Though office buildings throughout the country have been vacant since the start of the pandemic, in New York City, the problem is even more extreme. Manhattan, a corporate hub for many companies, is grappling with a record-high 18.7% availability rate for offices. And that means landlords are growing increasingly desperate to get leases signed.
That's where broker parties come in. And they could be just the thing to get leasing activity to really take off.
Luring tenants with lavish events
During the pandemic, partying in most forms was off the table before vaccines became widely available. The same held true for bringing workers back to the office.
But now, things are different. Vaccines are easily accessible, and in New York, inoculation rates are relatively strong. As such, many companies are, in fact, gearing up to call staff back to work. Some have already done so or have set hard return dates. And at this point, companies may be in better positions to not only estimate their office space needs more accurately but also commit to lease terms.
It's not surprising, then, to see that broker parties are making a comeback at a time when leasing activity may be reaching a turning point. To be clear, broker parties aren't low-key events during which prospective clients mingle, enjoy some light fare, and perhaps walk out with a branded pocket sanitizer as a parting gift.
No, the broker parties that are happening today are luxury, blown-out affairs designed to show off the city's priciest office spaces -- and convince tenants with deep pockets to take up residence there. These parties can easily cost $50,000 to $100,000 apiece and afford brokers the opportunity to really highlight the unique features the buildings they're promoting bring to the table -- something that can't be done as easily via a virtual tour.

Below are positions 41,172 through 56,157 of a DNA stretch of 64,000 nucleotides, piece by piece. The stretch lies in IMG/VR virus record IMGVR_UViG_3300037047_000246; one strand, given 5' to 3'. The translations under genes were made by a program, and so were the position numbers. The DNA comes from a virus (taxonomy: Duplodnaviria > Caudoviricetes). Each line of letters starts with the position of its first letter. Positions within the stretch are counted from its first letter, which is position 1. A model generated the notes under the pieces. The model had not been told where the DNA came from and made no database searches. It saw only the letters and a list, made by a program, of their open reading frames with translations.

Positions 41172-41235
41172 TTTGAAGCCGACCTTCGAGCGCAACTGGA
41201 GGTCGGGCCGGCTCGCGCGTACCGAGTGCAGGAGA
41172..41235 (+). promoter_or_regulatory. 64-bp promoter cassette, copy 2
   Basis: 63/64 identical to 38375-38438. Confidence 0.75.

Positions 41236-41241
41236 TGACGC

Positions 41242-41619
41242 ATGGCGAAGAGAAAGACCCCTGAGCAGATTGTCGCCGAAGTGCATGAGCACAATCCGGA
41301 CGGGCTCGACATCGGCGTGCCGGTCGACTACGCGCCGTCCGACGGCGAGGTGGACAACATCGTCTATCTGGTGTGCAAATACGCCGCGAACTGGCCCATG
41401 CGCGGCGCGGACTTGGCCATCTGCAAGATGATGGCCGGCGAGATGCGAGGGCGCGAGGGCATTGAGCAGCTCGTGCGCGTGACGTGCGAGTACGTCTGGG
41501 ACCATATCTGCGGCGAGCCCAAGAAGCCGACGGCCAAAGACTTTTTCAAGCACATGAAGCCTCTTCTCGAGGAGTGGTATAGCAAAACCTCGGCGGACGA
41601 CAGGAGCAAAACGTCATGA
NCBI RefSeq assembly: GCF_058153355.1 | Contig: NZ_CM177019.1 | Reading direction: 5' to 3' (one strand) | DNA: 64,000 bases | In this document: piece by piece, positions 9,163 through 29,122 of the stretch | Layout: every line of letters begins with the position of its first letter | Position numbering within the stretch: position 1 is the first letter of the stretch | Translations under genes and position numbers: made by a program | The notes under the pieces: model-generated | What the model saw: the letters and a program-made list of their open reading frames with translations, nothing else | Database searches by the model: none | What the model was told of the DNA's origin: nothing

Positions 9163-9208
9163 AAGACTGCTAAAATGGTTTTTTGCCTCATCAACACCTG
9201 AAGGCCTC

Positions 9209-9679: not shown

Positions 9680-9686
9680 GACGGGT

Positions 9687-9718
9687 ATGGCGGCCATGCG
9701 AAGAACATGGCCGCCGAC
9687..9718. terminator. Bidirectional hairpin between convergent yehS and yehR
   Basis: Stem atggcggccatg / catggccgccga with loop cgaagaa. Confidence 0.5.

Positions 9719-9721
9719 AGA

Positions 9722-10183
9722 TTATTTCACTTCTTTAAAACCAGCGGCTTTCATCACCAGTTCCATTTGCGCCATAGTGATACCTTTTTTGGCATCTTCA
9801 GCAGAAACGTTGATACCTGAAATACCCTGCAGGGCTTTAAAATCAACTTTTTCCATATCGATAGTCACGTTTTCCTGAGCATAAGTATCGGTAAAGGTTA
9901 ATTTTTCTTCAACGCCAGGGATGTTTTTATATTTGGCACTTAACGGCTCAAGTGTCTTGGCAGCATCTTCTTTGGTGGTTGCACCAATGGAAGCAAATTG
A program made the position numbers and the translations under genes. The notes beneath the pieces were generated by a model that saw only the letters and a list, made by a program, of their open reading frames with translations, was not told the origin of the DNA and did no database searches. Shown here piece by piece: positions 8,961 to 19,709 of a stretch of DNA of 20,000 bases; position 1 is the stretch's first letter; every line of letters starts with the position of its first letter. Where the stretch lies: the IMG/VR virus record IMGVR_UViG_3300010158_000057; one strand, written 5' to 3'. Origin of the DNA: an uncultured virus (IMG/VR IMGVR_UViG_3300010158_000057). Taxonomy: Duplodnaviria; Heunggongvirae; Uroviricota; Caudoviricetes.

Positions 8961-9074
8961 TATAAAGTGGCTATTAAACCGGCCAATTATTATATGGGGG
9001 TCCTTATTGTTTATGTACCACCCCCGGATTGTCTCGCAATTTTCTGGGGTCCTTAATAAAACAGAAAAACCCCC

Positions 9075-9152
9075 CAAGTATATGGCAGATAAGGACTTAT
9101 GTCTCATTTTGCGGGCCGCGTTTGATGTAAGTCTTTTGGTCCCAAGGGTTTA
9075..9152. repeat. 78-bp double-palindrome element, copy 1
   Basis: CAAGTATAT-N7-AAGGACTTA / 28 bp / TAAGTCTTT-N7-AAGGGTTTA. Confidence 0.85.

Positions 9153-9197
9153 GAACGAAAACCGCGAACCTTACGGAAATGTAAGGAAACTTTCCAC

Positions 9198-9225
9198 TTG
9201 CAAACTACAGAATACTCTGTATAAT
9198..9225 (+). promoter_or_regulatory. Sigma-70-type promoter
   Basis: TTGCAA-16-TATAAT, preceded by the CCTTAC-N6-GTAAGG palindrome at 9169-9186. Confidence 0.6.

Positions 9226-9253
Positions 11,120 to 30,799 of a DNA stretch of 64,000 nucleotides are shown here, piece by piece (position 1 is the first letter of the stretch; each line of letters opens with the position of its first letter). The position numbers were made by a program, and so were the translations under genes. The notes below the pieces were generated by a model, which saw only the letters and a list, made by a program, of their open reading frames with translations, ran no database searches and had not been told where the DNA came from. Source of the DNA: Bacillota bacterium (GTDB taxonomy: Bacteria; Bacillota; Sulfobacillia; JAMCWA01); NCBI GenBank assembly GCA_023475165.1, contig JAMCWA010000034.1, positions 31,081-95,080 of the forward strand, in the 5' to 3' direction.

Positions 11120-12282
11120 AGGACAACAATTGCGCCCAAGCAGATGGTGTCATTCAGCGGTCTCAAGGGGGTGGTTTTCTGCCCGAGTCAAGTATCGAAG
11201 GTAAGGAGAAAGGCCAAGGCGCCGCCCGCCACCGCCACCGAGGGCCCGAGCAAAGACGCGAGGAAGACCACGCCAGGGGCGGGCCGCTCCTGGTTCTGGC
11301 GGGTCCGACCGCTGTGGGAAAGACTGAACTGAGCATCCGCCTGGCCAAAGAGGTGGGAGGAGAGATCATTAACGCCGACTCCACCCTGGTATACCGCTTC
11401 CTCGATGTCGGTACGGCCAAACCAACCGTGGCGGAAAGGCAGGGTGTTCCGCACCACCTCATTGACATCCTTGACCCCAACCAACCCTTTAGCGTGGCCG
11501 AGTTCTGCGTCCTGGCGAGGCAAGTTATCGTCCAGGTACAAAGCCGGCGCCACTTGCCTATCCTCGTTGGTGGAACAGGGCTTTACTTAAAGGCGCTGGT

The investor takeaway
The fact that brokers are throwing thousands upon thousands of dollars into these parties could signify that New York City office buildings may be inching toward a recovery. After all, brokers wouldn't be sinking so many resources into these events if they didn't think they would lead to a string of financial transactions.
This is something real estate investors should be happy about. A number of office REITs (real estate investment trusts) with heavy concentrations of New York City properties have seen their revenue decline during the pandemic, and the fear is that the longer workers stay out of offices, the longer those REITs will remain sluggish.
While it's true that many companies are adopting hybrid models that allow employees to split their time between the office and home (or another location), plenty of companies are insisting on a full-time return to in-person work. And some of those companies may be in the market for new, high-end space -- not just because they can afford it but also to incentivize workers to come back in. And what better way to do that than to offer amenities like an on-site gym or sprawling roof deck?
It's only fitting, then, that those potential tenants be wined and dined before putting that paperwork through. And while there's a lot of work that no doubt goes into broker parties, it's fair to say that there's plenty of fun to be had for everyone by both guests and the party planners.